California Regulators Weigh Who Will Pay For Costly PG&E Upgrades
SAN FRANCISCO (KCBS) – Pacific Gas and Electric has asked state regulators for permission to pass along to consumers the cost of upgrading its natural gas transmission system to safety standards adopted after the deadly San Bruno pipeline explosion.
The company is seeking a rate increase that will generate $5 billion to comply with new regulations adopted after the Sept. 2010 disaster claimed eight lives and destroyed dozens of homes.
KCBS’ Susan Kennedy Reports:
“Anytime a new standard is put in place, it’s appropriate for customers to fund the work to meet those standards,” said PG&E spokesman David Eisenhower.
Consumer advocates denounced the proposed rate hike at a California Public Utilities Commission hearing on Monday, where state regulators began what’s expected to be lengthy review of PG&E’s application.
Mark Toney with The Utility Reform Network (TURN) said ratepayers should not pay extra because PG&E’s neglected to perform maintenance or keep accurate records.
“TURN is asking the CPUC to make sure that not one penny of ratepayer money goes to fund work that PG&E should have done for years and years,” Toney said.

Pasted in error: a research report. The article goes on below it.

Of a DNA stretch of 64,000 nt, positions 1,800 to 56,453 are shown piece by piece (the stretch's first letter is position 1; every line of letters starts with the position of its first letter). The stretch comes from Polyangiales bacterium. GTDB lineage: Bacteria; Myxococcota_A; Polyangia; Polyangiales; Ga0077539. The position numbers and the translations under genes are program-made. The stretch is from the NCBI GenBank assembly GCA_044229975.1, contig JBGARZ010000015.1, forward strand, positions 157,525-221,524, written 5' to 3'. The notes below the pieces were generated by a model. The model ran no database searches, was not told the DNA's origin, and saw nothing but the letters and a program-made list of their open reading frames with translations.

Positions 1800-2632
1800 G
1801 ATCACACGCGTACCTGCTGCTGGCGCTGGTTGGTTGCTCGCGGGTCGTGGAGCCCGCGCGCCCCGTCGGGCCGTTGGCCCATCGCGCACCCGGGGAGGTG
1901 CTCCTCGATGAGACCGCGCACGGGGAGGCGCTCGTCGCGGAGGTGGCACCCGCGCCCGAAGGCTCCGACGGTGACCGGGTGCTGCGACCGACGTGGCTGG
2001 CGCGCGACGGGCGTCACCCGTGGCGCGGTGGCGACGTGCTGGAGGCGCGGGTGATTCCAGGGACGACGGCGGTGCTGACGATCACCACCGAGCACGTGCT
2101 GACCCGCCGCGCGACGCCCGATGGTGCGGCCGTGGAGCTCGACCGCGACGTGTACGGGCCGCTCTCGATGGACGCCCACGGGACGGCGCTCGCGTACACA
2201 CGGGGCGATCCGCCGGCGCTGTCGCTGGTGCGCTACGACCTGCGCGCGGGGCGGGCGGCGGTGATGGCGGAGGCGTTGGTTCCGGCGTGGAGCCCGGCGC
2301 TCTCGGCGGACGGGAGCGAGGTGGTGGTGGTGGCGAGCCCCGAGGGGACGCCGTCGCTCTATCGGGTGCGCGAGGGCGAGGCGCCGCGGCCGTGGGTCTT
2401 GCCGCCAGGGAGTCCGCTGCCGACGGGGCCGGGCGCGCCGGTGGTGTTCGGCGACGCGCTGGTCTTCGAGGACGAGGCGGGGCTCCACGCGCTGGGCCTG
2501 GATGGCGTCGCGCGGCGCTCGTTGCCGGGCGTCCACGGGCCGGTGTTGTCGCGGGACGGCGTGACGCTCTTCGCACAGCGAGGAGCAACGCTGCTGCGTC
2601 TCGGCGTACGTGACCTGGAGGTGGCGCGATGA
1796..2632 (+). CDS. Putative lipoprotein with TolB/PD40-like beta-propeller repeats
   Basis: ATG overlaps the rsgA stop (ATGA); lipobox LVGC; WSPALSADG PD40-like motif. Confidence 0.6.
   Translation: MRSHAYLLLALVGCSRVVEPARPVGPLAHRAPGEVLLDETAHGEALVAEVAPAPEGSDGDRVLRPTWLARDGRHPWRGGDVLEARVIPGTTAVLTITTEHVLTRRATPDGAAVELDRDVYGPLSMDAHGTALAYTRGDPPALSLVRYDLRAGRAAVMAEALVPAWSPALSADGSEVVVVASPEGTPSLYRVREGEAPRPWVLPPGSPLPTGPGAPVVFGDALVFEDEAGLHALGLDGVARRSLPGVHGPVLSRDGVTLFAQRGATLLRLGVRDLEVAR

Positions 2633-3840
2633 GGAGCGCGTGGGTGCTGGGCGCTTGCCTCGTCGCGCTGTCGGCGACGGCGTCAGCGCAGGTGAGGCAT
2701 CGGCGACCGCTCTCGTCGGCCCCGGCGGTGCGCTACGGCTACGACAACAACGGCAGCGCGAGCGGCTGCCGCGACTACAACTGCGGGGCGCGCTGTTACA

Toney put the actual cost of upgrading the system at $2.2 billion, and said it was unfair to ask consumers to come up with another nearly $3 billion to cover obligations such as taxes, interest payments and shareholder profits.
Eisenhower pointed out that shareholders would foot at least part of the cost of the upgrades, adding that revenue from the rate increase would go towards meeting or exceeding the new safety standards.
Assemblyman Jerry Hill, who represents the Crestmoor neighborhood where the blast occurred, urged state regulators to consider whether PG&E diverted money budgeted for safety upgrades to shareholders or executives.
Hill said the CPUC needs to hold P&GE accountable for failing to maintain the pipeline system and keep accurate records.
The commission has scheduled several more hearings on the rate increase, and is expected to issue its final decision later this year.
(Copyright 2012 by CBS San Francisco. All Rights Reserved. This material may not be published, broadcast, rewritten, or redistributed.)